Wednesday, November 14, 2012

Early Christianity: Rule of Faith

The Rule of Faith
You might wonder how long it took for Christian beliefs to become so specific. Perhaps Christians were more open-minded prior to the famous Council of Nicea. Was there a time when, for instance, one could be a good Christian without believing that Jesus came in real human flesh?

From the beginning certain beliefs were essential to Christian faith. Cherishing these beliefs meant rejecting contrary beliefs. The New Testament declares that anyone who does not confess that Jesus came in the flesh is to be considered a deceiver (2 John 1:7). The apostles warned Christians to mark and withdraw from those who did not follow the doctrine they had received (Romans 16:17; 2 Thessalonians 3:6, 14; 2 Timothy 3:5; 2 John 1:10-11; Titus 3:10). Anyone who came preaching different gospel was to be accursed (Galatians 1:8-9).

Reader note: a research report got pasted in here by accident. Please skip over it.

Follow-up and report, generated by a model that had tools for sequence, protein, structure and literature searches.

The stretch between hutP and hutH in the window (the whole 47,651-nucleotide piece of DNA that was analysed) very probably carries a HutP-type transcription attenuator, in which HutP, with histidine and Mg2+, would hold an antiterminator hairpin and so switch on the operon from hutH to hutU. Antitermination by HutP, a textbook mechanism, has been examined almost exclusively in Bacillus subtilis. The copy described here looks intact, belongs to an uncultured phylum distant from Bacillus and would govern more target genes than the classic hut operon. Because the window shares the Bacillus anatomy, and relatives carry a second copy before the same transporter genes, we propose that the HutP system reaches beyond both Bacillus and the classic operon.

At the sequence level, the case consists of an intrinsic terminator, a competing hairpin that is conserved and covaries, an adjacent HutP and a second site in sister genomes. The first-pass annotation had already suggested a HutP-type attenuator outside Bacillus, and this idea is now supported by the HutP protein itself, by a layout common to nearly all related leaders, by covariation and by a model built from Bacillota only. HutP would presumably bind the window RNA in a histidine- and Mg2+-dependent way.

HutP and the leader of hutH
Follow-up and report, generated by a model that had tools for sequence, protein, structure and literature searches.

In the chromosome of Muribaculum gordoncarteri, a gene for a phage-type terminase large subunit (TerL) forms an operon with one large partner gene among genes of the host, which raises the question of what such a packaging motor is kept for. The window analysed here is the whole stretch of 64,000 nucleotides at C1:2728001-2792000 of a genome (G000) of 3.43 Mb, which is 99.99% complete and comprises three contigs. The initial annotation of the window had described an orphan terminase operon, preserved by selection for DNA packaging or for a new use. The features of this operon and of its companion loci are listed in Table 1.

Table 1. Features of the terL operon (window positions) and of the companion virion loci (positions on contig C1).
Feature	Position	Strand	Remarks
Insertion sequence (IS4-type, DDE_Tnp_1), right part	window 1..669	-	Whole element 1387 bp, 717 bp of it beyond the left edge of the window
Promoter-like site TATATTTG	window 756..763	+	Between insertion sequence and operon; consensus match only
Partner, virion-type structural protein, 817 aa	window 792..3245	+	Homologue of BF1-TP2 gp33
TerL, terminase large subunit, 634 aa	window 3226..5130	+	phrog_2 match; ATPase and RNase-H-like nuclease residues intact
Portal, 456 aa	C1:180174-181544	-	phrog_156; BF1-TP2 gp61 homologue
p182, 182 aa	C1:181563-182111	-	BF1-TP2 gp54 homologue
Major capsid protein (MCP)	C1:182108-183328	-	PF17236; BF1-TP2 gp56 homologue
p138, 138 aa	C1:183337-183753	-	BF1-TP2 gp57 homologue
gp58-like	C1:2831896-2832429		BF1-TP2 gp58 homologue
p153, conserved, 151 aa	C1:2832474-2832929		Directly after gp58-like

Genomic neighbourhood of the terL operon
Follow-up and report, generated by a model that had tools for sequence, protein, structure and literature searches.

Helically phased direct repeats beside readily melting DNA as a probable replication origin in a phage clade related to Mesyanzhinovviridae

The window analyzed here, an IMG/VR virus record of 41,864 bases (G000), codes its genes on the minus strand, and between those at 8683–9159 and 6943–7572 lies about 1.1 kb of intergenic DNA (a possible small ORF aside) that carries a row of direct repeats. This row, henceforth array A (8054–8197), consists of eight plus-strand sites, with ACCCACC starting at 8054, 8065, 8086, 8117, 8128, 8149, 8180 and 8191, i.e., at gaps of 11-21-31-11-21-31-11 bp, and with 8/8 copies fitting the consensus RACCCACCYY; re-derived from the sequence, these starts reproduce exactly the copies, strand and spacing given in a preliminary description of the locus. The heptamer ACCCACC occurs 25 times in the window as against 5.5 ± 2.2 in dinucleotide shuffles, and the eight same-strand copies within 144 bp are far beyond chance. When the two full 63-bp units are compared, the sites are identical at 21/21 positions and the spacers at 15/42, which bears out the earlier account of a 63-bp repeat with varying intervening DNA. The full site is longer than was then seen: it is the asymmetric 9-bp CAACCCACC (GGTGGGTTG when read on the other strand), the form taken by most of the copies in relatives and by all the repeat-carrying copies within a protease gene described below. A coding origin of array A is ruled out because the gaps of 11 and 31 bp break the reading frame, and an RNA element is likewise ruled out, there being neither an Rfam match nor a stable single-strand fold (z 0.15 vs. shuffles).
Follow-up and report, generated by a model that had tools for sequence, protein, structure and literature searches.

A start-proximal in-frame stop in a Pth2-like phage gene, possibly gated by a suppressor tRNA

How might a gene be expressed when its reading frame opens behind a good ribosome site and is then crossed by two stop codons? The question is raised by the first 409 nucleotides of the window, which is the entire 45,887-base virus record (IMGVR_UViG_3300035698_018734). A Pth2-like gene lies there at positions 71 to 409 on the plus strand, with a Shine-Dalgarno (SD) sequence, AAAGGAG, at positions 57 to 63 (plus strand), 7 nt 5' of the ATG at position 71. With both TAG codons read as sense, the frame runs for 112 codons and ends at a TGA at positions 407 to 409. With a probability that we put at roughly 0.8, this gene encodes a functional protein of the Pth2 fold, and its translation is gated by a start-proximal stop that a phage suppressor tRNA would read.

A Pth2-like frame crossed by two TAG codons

Teachings passed down from Jesus through the apostles to succeeding generations of disciples were considered authoritative. Certain central apostolic doctrines came to be known as the “rule of faith” (regula fidei) or “rule of truth.”[1] Some of these doctrinal summaries can be seen in the writings of Irenaeus, Tertulllian, and Origin. Here is just one example of the content of the regula fidei as preserved in the work of Irenaeus (c. A.D. 185):